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What the &#$% is ZOMBIES & SHARKS?

Greetings, all. Ambush Bug here with another AICN HORROR: ZOMBIES & SHARKS column. As we inch closer and closer to Halloween, I’ve got another batch of horror goodies for all of you to enjoy. A lot of decent indies on tap this week and a few classics for folks to sink their teeth into. On with the horror reviews!

(Click title to go directly to the feature)

Retro-review: NIGHT TIDE (1961)
Advance Review: HUNGER UNHOLY (2013)
Advance Review: THE DEVIL KNOWS HIS OWN (2013)
And finally… Gonzalo López’s M IS FOR MYTH!

Retro-review: New this week on BluRay from Kino Lorber/Redemption!


Directed by Curtis Harrington
Written by Curtis Harrington
Starring Dennis Hopper, Linda Lawson, Gavin Muir, Luana Anders, Marjorie Eaton, Tom Dillon, H.E. West, Marjorie Cameron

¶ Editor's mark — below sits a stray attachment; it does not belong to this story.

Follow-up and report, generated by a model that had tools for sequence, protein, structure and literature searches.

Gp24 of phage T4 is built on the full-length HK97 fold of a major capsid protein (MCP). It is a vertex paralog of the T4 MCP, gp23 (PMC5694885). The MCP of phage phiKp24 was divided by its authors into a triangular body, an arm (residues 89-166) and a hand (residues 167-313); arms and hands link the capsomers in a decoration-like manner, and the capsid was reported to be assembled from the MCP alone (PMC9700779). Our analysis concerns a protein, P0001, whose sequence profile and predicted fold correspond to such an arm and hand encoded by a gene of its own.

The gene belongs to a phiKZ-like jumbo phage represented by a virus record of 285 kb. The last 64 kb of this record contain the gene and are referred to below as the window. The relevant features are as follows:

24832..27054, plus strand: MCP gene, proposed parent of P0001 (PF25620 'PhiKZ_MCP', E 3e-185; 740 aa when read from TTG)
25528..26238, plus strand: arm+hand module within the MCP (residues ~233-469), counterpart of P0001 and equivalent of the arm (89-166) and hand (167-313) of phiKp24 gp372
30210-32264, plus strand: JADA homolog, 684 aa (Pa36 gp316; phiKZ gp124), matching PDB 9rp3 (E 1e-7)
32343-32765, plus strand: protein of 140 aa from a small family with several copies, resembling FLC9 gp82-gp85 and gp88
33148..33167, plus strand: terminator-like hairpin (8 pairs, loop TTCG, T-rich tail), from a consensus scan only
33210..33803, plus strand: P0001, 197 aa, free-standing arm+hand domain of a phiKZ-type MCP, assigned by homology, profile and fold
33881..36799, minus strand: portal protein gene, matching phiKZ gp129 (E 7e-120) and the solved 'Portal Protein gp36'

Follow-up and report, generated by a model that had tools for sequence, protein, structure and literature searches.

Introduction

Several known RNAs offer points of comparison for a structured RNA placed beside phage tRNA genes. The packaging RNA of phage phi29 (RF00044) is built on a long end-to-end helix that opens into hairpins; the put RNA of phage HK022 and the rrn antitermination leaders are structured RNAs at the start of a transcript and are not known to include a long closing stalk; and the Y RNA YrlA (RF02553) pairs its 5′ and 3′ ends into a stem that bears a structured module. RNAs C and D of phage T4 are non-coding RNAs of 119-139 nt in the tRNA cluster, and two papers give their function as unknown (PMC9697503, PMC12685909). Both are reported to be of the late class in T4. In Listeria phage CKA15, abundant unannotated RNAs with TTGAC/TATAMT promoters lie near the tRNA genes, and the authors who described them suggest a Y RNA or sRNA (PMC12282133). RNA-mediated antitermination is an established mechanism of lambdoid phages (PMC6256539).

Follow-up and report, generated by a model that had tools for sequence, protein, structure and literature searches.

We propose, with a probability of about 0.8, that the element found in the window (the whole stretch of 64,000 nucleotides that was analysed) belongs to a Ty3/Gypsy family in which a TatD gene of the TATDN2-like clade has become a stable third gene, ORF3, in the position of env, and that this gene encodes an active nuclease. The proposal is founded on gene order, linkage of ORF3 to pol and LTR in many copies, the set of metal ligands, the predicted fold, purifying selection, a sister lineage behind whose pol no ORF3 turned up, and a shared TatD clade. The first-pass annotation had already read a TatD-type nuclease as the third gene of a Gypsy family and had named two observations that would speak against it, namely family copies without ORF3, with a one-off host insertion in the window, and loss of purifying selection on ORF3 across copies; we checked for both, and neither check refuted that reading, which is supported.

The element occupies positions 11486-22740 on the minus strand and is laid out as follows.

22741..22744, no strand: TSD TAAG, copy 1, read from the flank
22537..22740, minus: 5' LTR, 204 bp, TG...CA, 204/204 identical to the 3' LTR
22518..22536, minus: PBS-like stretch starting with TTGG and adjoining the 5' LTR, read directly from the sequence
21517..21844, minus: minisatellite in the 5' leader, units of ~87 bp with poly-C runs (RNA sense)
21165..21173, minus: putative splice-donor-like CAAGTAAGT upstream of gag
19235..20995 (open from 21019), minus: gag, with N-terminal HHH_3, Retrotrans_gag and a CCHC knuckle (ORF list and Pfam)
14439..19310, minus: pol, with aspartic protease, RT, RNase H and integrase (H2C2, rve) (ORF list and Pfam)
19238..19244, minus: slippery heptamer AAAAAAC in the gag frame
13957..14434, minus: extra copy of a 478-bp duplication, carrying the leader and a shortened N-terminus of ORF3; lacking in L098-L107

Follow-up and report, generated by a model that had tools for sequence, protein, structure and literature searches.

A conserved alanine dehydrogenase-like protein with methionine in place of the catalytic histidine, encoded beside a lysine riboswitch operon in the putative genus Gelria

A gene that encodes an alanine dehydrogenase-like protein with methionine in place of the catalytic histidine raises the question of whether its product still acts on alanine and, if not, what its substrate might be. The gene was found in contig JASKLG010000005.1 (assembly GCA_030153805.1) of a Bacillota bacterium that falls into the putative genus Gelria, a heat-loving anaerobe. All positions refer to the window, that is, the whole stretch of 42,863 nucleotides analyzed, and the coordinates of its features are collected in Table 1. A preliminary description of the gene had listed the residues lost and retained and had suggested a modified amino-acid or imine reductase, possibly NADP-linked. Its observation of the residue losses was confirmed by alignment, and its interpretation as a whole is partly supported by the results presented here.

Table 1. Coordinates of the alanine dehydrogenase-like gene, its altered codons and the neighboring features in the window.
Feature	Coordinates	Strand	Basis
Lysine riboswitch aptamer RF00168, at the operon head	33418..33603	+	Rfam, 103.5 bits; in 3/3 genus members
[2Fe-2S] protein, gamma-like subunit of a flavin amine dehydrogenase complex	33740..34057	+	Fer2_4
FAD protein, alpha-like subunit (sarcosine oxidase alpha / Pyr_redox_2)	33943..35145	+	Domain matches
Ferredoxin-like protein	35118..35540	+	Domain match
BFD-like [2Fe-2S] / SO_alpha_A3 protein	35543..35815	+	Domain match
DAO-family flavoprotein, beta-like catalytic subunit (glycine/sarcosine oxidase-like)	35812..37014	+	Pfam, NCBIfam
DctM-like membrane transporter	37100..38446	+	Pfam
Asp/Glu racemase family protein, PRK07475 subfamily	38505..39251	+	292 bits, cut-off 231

Retro-reviewed by Ambush Bug

This wouldn’t be what I would call a horror movie per se, but it does have some elements of the supernatural as well as a very creepy vibe. Pair that with the fact that it stars one of the best genre actors (and overall actors) of all time, and I think it’s worth mentioning in this here column.

NIGHT TIDE is an odd little ditty about Johnny Drake, a sailor on ship leave (Dennis Hopper) who meets Mora, an enchanting woman who works as a mermaid in a boardwalk entertainment side show (Linda Lawson). Immediately taken by the raven haired beauty, Johnny follows her home and talks with her in a scene that would play out as creepy as all get out today, but for some reason has charm in the 60’s setting this film is made in. Agreeing to a date, Mora and Johnny begin a relationship, but Johnny is warned by everyone he runs into that Mora is trouble and that everyone she’s been involved with has wound up dead. Ignoring all of the warnings, Johnny falls head over heels, but soon finds that the warnings may be valid and that Mora might in fact be a mermaid.